Move to stay the civil action

Defending a civil case in the midst of a criminal investigation is perilous:

  • If you actively defend the civil matter you may incriminate yourself, expose your defense to the criminal charges, and open your records and your witnesses to extensive civil discovery.
  • If you do not defend you may be subject to impoverishing damages and injunctive relief without a fair adjudication of your liability.

Unfortunately, this dilemma does not confer any right to a stay of the civil action. Courts have broad discretion in deciding whether or not to stay the civil case. In exercising that discretion, courts generally consider several factors, such as:

  • The extent to which the issues in the criminal case overlap with those presented in the civil case.
  • The status of the case, including whether the defendants have been indicted.
  • The private interests of the plaintiffs in proceeding expeditiously weighed against the prejudice to plaintiffs caused by the delay.
  • The private interests of and burden on the defendants.
  • The interests of the courts.
  • The public interest.

The strongest case for granting a stay is where a party under criminal indictment is required to defend a civil proceeding involving the same matter.

Invoke the Fifth

Refusing to answer on the grounds of self-incrimination is the safest course with respect to criminal liability, but it can be deadly to the civil case and bring about other negative consequences. Therefore, try to forestall the invocation of the privilege until you have no other choice. The damage to the civil case is that the trier of fact can draw adverse inferences against the party who invokes the privilege. However, the trial court should not enter judgment against you until it has considered and found other remedies to be inadequate. Some ancillary negative effects of invoking the Fifth Amendment are:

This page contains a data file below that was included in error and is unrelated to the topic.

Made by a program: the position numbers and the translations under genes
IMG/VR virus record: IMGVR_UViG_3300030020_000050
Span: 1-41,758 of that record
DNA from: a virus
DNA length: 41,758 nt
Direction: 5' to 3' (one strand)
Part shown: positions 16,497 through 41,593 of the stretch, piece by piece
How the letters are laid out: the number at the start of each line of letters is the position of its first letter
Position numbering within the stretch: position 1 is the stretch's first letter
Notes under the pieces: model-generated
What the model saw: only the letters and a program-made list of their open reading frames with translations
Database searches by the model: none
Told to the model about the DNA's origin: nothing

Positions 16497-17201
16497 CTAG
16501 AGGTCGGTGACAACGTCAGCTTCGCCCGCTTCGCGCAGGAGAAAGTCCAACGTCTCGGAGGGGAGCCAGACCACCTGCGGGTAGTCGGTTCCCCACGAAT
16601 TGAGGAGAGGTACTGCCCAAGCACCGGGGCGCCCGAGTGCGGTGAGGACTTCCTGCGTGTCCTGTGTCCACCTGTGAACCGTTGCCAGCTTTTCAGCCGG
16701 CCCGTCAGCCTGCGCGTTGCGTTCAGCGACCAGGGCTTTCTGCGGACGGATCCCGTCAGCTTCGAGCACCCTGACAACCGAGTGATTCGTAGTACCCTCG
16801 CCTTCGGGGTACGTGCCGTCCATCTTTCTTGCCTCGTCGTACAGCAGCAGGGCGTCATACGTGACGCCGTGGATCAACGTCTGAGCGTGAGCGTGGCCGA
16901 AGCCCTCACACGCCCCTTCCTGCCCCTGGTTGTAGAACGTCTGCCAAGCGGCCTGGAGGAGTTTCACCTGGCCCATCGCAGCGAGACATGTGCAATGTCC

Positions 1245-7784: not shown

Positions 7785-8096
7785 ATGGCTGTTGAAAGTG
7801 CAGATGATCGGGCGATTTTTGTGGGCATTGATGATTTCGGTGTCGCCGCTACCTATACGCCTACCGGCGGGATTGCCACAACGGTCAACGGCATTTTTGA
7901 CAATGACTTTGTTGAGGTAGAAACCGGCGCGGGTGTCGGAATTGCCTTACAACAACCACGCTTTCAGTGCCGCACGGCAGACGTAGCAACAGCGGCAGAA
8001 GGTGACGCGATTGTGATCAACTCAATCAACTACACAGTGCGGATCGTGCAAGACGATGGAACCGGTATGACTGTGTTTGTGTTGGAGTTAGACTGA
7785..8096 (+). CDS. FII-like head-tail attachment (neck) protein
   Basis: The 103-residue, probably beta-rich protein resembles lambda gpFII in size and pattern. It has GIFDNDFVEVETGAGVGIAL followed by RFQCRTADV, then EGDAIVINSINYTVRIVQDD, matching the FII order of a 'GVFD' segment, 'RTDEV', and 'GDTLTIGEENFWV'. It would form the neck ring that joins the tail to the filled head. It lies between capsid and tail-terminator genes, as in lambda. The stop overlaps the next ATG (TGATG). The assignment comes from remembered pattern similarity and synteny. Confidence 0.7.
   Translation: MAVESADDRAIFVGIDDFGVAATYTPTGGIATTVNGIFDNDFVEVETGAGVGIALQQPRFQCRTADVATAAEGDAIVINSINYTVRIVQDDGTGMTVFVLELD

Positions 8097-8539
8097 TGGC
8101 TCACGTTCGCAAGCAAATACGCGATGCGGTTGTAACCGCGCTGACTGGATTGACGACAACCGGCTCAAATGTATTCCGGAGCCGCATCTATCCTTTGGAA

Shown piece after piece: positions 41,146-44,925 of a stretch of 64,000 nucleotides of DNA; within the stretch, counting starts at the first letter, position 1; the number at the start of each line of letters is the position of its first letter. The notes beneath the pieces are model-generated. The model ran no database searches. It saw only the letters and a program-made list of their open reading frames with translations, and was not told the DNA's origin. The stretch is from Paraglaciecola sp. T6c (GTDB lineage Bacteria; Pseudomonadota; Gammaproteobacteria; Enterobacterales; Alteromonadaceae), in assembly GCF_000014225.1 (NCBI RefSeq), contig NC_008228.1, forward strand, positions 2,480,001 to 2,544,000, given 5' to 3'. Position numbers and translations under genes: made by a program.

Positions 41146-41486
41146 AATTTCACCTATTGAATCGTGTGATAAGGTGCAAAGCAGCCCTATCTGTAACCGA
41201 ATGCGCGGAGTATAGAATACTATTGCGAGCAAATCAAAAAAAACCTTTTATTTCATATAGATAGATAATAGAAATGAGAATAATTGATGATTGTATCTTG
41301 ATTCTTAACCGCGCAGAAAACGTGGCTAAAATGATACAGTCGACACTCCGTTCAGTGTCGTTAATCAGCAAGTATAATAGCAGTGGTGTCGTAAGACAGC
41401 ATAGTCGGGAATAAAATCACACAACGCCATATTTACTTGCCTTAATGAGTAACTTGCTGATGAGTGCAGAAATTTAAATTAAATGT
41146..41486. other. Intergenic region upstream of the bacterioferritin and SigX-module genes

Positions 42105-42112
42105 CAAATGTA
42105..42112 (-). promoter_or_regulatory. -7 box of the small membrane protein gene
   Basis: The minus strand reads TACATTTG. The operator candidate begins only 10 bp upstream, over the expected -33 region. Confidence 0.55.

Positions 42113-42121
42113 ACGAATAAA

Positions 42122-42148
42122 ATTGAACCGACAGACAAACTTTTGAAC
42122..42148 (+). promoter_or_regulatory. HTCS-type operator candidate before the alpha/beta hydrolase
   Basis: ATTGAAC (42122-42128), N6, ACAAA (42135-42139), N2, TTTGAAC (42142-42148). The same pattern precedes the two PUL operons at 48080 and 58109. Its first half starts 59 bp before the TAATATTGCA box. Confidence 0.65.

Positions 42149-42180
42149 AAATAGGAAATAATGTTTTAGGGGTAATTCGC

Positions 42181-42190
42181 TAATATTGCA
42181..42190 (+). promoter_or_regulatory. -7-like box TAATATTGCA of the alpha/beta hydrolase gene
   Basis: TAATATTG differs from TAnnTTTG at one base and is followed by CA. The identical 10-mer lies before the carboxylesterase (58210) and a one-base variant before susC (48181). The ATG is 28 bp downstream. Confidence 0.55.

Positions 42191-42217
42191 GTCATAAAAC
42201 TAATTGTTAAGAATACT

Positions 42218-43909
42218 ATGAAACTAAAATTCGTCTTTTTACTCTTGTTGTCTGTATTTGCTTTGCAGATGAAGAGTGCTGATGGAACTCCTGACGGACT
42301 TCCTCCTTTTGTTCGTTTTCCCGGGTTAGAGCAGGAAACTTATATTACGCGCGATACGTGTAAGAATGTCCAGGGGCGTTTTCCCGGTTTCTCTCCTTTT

• Some regulatory agencies will revoke your license or bar you from working in the industry for invoking the Fifth; your employer may even fire you.
  • Where you seek the benefits of insurance coverage, you might lose it because refusing to answer the insurer’s discovery questions will be considered a breach of the cooperation clause.v

Further, unlike taking the Fifth before a grand jury, your assertion that answers might incriminate you will be public and could bring career-ending infamy and suspicion if you are a community leader, politician or renowned businessman. It also might incite other private plaintiffs to file suit against you because they perceive you as defenseless.